Power Lines Blog

Lineworkers: the public power cover story

Poster from page 6

[Reprinted from the March-April 2015 issue of Public Power magazine.]

Time magazine recognized “The Ebola Fighters” as its 2014 Person of the Year  — “for being willing to stand and fight so the rest of the world could sleep at night; for tireless acts of courage and mercy…; for risking, for persisting, for sacrificing and saving,” as described by Nancy Gibbs in a December 2014 article.

Business and citizen associations and other volunteer organizations in every community organize events to honor their first responders. In the aftermath of the 9/11 terrorist attacks, the firefighters and police officers who saved lives were rightly honored as heroes.

The healthcare and aid workers who fought Ebola and the first responders who save lives every day — all at tremendous risk to themselves — are richly deserving of our gratitude and appreciation. But so are the electric utility lineworkers who often work in the most hazardous conditions to ensure that the lights stay on and that our lives are safe and comfortable.

Public power lineworkers in particular distinguish themselves with the deepest commitment to the communities they live and work in. Their story is the story of public power.

But lineworkers may never make it to the cover of Time. Or be the subject of a Hollywood blockbuster. Or, on a more modest scale, even be recognized by their local newspapers — or have customers and neighbors stop to thank them for all they do.

If lineworkers are not celebrated as the heroes they are, perhaps we — the utilities that employ them and associations that represent them — need to do more to tell their stories of courage and commitment.

I’m glad that many public power utilities organize a Lineworker Appreciation Day. It’s wonderful that we actually have an International Lineman Museum and Hall of Fame, in Shelby, North Carolina. And I have to give a shout-out to the National Rural Electric Cooperative Association, which has a magnificent bronze statue of a lineworker in its lobby.

The article “We Want You to Be a Lineworker” in this issue of Public Power magazine describes the skills of lineworkers and emphasizes a focus on safety. The American Public Power Association’s annual Public Power Lineworkers Rodeo, which the Sacramento Municipal Utility District will host in May, is in its 15th year. The rodeo allows lineworkers from across the country to showcase their skills in a safe environment and engage in friendly competition.

Public power needs to emphasize the skills and strengths of our lineworkers. We need to tell their story, and recruit new hires reflective of their communities to step into the shoes of those lineworkers who will soon be retiring. We have a more important, and unique, story to tell about public power lineworkers. It’s the story of their inherent values and commitment to the community. In fact, the lineworkers’ values represent the essence of public power.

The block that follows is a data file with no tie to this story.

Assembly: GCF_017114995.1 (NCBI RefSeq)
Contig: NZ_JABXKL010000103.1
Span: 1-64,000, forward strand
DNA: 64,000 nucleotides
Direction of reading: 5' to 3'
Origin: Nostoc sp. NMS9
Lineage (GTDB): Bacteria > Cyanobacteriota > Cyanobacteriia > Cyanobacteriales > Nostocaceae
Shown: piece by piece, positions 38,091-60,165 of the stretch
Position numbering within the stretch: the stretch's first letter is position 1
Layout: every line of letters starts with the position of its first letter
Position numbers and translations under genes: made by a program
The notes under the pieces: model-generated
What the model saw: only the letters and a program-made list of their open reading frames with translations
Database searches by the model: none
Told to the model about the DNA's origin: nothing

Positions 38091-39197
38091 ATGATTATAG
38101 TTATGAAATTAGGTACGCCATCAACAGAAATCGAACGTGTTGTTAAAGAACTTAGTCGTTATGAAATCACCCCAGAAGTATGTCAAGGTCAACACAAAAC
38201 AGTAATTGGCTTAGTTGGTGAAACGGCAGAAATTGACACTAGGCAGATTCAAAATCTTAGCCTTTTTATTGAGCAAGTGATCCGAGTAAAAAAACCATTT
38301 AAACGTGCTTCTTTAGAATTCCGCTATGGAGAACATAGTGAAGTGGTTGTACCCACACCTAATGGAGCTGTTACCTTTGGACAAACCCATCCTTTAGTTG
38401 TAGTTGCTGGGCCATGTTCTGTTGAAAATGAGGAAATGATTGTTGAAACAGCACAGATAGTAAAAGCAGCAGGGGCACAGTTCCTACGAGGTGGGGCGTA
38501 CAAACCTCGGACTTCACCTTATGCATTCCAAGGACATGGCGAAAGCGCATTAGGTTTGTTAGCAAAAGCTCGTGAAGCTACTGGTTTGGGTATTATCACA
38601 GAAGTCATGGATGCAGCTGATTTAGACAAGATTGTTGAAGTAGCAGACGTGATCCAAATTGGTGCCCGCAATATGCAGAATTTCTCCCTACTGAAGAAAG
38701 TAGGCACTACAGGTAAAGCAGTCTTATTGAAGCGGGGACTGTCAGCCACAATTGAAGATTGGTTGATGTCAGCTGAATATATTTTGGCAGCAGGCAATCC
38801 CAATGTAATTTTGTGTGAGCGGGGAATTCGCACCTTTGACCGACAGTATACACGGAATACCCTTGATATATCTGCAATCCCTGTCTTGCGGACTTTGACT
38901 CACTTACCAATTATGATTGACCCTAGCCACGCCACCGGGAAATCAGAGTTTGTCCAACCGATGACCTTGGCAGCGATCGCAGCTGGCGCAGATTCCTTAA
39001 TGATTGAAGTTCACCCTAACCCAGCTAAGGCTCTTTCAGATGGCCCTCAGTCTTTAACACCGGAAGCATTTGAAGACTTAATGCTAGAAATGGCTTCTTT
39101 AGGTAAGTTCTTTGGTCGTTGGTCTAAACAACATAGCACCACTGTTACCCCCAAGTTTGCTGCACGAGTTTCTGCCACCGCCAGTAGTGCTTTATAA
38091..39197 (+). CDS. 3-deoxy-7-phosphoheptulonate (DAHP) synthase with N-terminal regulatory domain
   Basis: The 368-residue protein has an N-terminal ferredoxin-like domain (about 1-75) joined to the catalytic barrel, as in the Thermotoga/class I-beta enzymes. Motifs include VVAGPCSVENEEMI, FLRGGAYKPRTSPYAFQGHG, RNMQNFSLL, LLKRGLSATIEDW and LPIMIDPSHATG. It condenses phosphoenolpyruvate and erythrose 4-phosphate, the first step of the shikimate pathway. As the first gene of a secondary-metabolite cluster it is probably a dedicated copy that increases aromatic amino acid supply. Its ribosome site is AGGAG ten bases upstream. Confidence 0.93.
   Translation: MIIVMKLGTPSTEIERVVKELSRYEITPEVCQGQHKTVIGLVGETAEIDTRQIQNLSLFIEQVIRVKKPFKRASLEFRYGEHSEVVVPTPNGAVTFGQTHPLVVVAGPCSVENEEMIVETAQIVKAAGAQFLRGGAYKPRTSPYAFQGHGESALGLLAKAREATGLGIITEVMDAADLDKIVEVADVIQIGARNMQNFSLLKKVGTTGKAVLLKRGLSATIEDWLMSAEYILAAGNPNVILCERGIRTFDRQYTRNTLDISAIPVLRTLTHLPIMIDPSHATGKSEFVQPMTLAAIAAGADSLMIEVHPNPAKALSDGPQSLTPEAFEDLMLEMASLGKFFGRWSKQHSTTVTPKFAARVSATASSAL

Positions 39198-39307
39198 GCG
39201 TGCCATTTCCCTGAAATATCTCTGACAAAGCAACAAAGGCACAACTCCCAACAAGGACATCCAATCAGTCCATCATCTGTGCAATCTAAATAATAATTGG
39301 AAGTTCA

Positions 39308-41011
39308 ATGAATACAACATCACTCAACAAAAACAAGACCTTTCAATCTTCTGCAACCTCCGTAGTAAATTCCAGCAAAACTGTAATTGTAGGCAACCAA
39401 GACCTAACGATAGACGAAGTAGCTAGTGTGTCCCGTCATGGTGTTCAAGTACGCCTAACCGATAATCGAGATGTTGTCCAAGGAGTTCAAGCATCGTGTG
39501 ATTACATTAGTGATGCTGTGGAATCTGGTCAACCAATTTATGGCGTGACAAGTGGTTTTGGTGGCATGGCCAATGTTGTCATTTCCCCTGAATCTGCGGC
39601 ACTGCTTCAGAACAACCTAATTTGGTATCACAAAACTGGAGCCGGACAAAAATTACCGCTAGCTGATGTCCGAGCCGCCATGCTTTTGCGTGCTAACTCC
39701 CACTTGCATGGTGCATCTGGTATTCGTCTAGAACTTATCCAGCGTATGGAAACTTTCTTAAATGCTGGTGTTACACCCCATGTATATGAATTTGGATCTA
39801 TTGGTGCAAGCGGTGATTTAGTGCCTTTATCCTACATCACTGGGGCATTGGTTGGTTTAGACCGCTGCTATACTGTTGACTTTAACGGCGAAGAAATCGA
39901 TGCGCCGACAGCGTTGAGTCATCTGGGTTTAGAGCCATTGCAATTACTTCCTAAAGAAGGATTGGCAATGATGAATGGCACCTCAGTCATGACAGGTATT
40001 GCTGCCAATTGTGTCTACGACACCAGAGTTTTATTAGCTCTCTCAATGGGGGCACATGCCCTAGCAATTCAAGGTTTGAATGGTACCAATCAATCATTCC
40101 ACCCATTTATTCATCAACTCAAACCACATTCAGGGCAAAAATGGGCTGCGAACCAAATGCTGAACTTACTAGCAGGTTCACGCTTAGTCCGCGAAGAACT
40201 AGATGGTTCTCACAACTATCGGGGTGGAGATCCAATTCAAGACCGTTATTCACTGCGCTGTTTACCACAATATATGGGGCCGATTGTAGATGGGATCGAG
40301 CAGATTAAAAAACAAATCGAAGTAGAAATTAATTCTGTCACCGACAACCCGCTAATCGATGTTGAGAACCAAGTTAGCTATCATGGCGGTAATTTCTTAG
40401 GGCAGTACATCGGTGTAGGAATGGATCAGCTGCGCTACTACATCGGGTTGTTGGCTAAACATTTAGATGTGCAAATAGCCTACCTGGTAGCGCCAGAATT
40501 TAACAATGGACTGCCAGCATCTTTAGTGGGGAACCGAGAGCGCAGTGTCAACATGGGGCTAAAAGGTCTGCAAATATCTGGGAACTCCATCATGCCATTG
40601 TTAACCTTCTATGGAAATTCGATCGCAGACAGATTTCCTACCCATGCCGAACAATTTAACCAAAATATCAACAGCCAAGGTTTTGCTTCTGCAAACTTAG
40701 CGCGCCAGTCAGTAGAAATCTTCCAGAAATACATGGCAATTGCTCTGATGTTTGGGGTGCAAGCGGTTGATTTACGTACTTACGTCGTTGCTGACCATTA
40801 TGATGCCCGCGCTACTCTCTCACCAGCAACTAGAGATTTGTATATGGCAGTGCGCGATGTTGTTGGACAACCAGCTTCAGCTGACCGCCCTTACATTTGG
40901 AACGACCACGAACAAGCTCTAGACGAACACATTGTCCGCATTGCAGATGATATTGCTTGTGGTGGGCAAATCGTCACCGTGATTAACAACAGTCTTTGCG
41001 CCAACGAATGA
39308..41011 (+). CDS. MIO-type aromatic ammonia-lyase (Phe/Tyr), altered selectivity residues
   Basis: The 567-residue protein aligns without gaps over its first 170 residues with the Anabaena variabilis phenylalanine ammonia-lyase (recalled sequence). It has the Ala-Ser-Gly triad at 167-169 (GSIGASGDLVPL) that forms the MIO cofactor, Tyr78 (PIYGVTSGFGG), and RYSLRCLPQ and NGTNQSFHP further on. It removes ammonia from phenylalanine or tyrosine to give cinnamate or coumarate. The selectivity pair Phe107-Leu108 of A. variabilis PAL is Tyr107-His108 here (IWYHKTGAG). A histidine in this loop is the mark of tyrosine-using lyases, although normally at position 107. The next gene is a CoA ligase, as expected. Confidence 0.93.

Public power lineworkers are typically part of the community they work in. They’ve often gone to school right in the community. They worship in the community, they coach baseball, they shop at the local grocery store, and they attend the PTA and citizens’ association meetings. Some even pass on the love for the profession down through the generations.

All of which means the lineworkers know the community better than Google Maps ever will — especially useful in case of outages — and care about the people in a way that no contract worker or outsider can.

Every public power utility should introduce their lineworker superheroes to customers. Tell their everyday stories of courage, hard work, and love for community in bill stuffers and newsletters; pitches to the local newspaper and TV station; and on Instagram, Facebook, and YouTube. Doing so will make customers more aware of the benefits of being served by a public power utility.

In 2014, APPA introduced Captain Public Power, a comic-book-style, tongue-in-cheek mascot to help recognize and share the heroism of our lineworkers, and as proof that it does not take an expensive campaign or a Super Bowl commercial to make public power better known. It just takes telling our story, in creative and engaging ways.

And maybe one day, public power lineworkers will be a major cover story, and not just in Public Power magazine.


We invite your video submissions for the Celebrate a Lineworker video campaign. Send us a video featuring your electric utility lineworkers and highlighting their contributions. For more information on participating, go to the campaign webpage.



Sue Kelly

Sue Kelly

President and CEO